Democrats Reject GOP Subpoena Requests: Impeachment Update

Billy House and Steven T. Dennis
Democrats Reject GOP Subpoena Requests: Impeachment Update

(Bloomberg) -- The House Intelligence Committee heard from Gordon Sondland, the U.S. ambassador to the European Union, on the fourth day of public testimony Wednesday in the impeachment inquiry into President Donald Trump.

Sondland testified first, and his opening statement is here. Later in the day, the panel resumed its session to hear from Laura Cooper, the Defense Department’s top official on Russia and Ukraine, and David Hale, the under secretary of State for political affairs. Cooper’s opening statement is here.

Here are the latest developments:

Democrats Reject GOP Subpoena Requests (8:29 p.m.)

At the close of a full day of testimony, House Intelligence Committee Democrats voted down Republican efforts to subpoena the unidentified whistle-blower and Joe Biden’s son Hunter to appear for closed-door depositions.

Also rejected along party lines were GOP subpoena requests for records on Democratic National Committee communications with Ukrainian government officials and for records from a company related to Hunter Biden’s position on the Burisma Holdings board of directors.

Republicans say they’ve been barred from calling witnesses they contend could show that Trump had reason to seek investigations of the Bidens and Ukrainian interference in the 2016 election. They also want to question the whistle-blower about factual issues and the person’s motives for acting.

Democrat Says Emails Undercut GOP Defense (7:33 p.m.)

Democrat Eric Swalwell said Cooper’s disclosure about the July 25 inquiry by Ukraine about U.S. aid “destroys two of the pillars of the president’s defense.”

The first pillar was the “no harm, no foul” argument that Ukraine didn’t know the aid was being withheld, Swalwell said. The second was the idea that Trump cares about fighting corruption in Ukraine, he said.

Cooper said that on May 23, the Defense Department certified that Ukraine had met the standard for reducing corruption as required for providing military aid.

“Inexplicably, the president puts a hold on security assistance,” said Swalwell of California.

Republican John Ratcliffe of Texas noted that those emails didn’t specifically mention a hold being placed on the aid. He asked whether Cooper could be certain the Ukrainians’ question was about the freeze.

“I can’t say for certain it was about the hold,” she said. “It’s the recollection of my staff that they likely knew” before a report in Politico on Aug. 28.

Fellow Democrat Mike Quigley of Illinois said the surfacing of the emails underscores why the State Department and other agencies should have to turn over documents requested by House investigators. The Trump administration has refused to do so.

Cooper Discloses Ukraine Query on Aid Freeze (6:19 p.m.)

Cooper disclosed that her staff received two emails from the State Department inquiring about aid to Ukraine on July 25 -- the same day of Trump’s call with the president of Ukraine.

One email said the Ukrainian embassy in Washington and House Foreign Affairs Committee were asking about “an issue” involving security assistance. The second one said the Ukrainian embassy and the Hill newspaper knew about the aid situation, she said.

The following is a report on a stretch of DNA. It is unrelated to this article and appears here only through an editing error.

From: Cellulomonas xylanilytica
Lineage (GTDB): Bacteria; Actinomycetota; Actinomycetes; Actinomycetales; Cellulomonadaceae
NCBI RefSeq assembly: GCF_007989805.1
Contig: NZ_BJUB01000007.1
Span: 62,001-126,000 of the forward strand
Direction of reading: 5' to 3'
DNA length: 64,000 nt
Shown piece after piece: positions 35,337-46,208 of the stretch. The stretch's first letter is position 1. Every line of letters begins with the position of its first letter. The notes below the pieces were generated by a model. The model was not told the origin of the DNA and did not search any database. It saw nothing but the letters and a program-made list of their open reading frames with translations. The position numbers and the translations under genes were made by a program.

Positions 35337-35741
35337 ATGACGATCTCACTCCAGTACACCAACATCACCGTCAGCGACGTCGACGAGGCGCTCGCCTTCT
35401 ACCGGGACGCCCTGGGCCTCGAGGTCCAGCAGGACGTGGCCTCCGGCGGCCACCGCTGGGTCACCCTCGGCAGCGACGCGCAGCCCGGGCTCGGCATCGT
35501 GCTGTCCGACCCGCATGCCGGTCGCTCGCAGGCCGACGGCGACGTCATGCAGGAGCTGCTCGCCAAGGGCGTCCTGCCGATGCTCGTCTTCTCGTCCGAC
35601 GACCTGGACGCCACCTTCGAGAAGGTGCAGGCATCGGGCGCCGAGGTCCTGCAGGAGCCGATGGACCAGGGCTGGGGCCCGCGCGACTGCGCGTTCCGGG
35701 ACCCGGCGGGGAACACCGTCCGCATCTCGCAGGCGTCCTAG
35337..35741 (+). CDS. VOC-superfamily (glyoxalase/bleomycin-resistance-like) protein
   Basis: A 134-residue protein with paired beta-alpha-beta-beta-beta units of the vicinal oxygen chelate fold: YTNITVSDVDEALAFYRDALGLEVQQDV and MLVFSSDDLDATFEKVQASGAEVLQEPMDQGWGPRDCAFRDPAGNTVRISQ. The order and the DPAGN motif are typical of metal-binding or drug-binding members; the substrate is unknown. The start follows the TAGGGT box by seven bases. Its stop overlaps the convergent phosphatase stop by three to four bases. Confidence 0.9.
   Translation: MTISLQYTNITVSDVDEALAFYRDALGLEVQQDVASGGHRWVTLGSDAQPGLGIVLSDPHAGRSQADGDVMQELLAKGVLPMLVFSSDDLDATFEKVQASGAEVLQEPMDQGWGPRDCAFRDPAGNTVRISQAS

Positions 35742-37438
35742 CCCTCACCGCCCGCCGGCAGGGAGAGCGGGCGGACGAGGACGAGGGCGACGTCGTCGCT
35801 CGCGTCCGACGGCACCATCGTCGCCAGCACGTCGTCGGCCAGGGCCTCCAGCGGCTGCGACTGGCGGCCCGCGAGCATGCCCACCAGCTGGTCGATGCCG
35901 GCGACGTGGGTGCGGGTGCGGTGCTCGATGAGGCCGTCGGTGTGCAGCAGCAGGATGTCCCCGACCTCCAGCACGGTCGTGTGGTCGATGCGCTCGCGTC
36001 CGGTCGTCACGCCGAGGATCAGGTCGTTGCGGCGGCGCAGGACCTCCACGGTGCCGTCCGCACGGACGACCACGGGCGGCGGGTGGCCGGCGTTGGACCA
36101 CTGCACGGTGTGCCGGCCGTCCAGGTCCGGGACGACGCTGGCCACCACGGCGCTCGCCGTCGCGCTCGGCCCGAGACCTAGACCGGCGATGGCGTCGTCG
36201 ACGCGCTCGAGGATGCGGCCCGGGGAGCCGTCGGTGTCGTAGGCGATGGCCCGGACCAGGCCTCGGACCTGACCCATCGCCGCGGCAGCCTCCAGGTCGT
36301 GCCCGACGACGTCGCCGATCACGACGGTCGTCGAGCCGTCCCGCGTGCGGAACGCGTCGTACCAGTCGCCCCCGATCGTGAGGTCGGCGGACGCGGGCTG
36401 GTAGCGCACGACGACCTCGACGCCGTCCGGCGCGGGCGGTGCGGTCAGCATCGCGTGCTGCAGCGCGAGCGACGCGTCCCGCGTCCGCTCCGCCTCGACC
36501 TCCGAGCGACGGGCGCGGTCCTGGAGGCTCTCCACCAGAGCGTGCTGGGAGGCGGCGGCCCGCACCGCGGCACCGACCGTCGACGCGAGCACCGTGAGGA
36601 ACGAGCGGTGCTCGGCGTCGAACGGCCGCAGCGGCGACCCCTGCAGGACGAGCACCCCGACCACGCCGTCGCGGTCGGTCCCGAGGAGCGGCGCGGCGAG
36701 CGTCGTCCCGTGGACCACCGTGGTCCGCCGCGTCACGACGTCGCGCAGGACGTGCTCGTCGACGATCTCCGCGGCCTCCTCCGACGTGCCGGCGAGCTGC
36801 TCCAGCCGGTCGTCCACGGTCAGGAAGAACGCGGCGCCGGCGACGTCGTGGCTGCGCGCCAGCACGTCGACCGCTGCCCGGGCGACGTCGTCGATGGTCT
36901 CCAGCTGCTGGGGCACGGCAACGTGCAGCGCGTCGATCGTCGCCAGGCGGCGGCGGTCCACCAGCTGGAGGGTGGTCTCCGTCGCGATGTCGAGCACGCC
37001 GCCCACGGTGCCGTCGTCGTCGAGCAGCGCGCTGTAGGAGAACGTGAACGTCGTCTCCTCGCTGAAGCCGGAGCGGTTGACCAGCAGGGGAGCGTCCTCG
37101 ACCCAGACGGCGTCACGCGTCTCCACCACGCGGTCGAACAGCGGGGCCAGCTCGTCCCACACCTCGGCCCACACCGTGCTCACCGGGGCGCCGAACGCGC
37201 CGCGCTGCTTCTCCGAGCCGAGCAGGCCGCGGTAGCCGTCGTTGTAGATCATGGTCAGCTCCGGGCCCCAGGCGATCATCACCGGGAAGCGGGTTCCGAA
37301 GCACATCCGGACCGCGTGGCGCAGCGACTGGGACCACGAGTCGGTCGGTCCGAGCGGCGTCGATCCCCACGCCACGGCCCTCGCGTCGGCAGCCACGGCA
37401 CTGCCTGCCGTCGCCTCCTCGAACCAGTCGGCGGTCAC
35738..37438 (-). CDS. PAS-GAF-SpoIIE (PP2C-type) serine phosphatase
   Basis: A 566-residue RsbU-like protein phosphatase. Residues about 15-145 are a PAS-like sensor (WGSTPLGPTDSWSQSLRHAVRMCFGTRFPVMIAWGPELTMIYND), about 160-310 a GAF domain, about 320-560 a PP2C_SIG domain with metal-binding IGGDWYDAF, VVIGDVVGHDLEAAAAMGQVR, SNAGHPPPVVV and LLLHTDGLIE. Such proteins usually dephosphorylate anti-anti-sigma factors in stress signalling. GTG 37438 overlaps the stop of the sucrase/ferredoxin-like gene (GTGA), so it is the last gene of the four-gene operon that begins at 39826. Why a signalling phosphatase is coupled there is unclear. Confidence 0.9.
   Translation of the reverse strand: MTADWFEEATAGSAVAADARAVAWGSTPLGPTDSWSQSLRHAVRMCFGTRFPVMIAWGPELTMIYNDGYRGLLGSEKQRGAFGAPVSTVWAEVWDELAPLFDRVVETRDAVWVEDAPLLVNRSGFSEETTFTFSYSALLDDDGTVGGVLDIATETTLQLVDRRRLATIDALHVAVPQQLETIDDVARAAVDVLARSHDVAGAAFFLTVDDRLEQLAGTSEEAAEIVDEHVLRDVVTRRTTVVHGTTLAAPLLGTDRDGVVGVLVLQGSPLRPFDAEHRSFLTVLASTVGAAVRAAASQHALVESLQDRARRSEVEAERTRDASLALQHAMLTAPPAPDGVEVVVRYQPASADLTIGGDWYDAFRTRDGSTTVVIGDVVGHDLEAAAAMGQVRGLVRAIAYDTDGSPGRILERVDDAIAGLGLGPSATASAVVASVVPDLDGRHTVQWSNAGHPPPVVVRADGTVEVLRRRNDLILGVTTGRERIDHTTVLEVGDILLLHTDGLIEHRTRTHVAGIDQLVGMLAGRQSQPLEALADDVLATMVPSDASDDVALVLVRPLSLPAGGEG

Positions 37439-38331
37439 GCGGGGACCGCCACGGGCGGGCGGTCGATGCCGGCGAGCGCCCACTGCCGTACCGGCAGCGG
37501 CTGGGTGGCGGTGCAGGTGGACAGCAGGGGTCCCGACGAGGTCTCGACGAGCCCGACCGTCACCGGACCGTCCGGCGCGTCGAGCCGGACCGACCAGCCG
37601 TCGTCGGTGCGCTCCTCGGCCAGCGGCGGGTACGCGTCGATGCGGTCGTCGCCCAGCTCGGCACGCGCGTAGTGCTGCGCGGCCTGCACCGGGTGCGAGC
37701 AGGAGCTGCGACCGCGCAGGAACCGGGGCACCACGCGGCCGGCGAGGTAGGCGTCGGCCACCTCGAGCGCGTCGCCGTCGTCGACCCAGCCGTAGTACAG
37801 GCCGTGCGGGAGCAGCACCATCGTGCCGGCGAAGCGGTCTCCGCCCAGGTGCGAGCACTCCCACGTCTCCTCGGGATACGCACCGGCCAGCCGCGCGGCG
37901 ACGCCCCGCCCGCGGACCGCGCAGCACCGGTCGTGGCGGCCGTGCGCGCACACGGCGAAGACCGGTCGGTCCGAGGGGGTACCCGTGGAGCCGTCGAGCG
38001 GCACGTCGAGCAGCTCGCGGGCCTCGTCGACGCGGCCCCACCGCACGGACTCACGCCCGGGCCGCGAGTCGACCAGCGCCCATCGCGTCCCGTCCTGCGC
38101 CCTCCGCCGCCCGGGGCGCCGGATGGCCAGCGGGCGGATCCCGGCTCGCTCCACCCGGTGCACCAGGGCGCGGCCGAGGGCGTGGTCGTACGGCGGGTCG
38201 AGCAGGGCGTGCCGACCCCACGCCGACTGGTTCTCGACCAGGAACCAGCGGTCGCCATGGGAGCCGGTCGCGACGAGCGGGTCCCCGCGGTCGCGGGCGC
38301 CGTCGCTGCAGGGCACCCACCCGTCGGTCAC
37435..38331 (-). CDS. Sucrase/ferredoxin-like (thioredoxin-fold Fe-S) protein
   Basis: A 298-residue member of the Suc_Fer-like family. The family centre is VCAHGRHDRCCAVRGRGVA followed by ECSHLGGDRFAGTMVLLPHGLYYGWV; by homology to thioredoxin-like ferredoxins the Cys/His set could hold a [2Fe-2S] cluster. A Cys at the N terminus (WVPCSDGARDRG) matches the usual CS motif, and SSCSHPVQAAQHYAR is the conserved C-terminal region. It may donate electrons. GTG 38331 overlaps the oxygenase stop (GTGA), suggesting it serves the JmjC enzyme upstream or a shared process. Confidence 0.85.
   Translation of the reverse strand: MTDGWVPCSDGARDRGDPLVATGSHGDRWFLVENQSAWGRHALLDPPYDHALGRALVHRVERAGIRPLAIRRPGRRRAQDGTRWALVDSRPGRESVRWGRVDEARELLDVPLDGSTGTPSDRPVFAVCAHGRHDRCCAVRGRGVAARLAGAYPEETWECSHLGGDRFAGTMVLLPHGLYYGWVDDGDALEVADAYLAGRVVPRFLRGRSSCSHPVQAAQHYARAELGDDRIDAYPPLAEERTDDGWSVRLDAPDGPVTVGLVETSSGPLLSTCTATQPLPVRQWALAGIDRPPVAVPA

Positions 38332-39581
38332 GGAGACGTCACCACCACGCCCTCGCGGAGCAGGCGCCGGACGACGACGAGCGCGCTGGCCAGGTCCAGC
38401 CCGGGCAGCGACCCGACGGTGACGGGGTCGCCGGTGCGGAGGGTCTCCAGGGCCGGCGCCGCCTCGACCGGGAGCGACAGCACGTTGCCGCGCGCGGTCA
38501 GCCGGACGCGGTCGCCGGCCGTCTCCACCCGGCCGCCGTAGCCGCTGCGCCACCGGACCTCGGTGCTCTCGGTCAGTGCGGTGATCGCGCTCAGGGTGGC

Committee Chairman Adam Schiff said this is the first time anyone has placed Ukrainian knowledge of the hold on security assistance as far back as the same day Trump talked to Zelenskiy.

The July 25 date of Ukrainian knowledge about the freeze is significant because a central argument by Republicans has been that Ukraine didn’t know about the block on funds until much later. Therefore Trump’s demand for investigations couldn’t have been a quid pro quo, GOP lawmakers contend.

Schiff said Cooper was the third witness to testify that the Ukrainians “found out about a problem or hold in the security assistance prior to it becoming public,” and that she was “the first to indicate that it may go back as early as the date of the president’s call to President Zelenskiy.”

Cooper said she doesn’t recall being made aware of the emails at the time. Her staff told her about them after her deposition was made public and they read the transcript, she said.

Cooper Describes Learning of Hold on Aid (6:09 p.m.)

Cooper said she became aware of the hold on funds for Ukraine in July. She said she “made clear” to interagency leaders at a July 31 meeting that there were “only two legal ways” to discontinue the funds, and either one would require notification to Congress. She said she never heard that either alternative was being pursued.

Cooper said she advocated a Cabinet-level meeting with Trump to explain why the aid should go forward.

“Although I heard to attempts to discuss the issue with the president, I never received details about any conversations other than a status update that the hold had not been lifted,” she said.

She said the aid is “critical” for “bolstering Ukraine’s security and deterring Russia.”

House Hearing Resumes With Cooper, Hale (5:40 p.m.)

The Intelligence Committee reconvened to hear testimony from Cooper and Hale.

Trump Calls Sondland Testimony ‘Fantastic’ (5:04 p.m.)

Trump said Sondland’s testimony was “fantastic” and that the impeachment inquiry should end now.

The president spoke to reporters while visiting an Apple Inc. plant in Austin, Texas.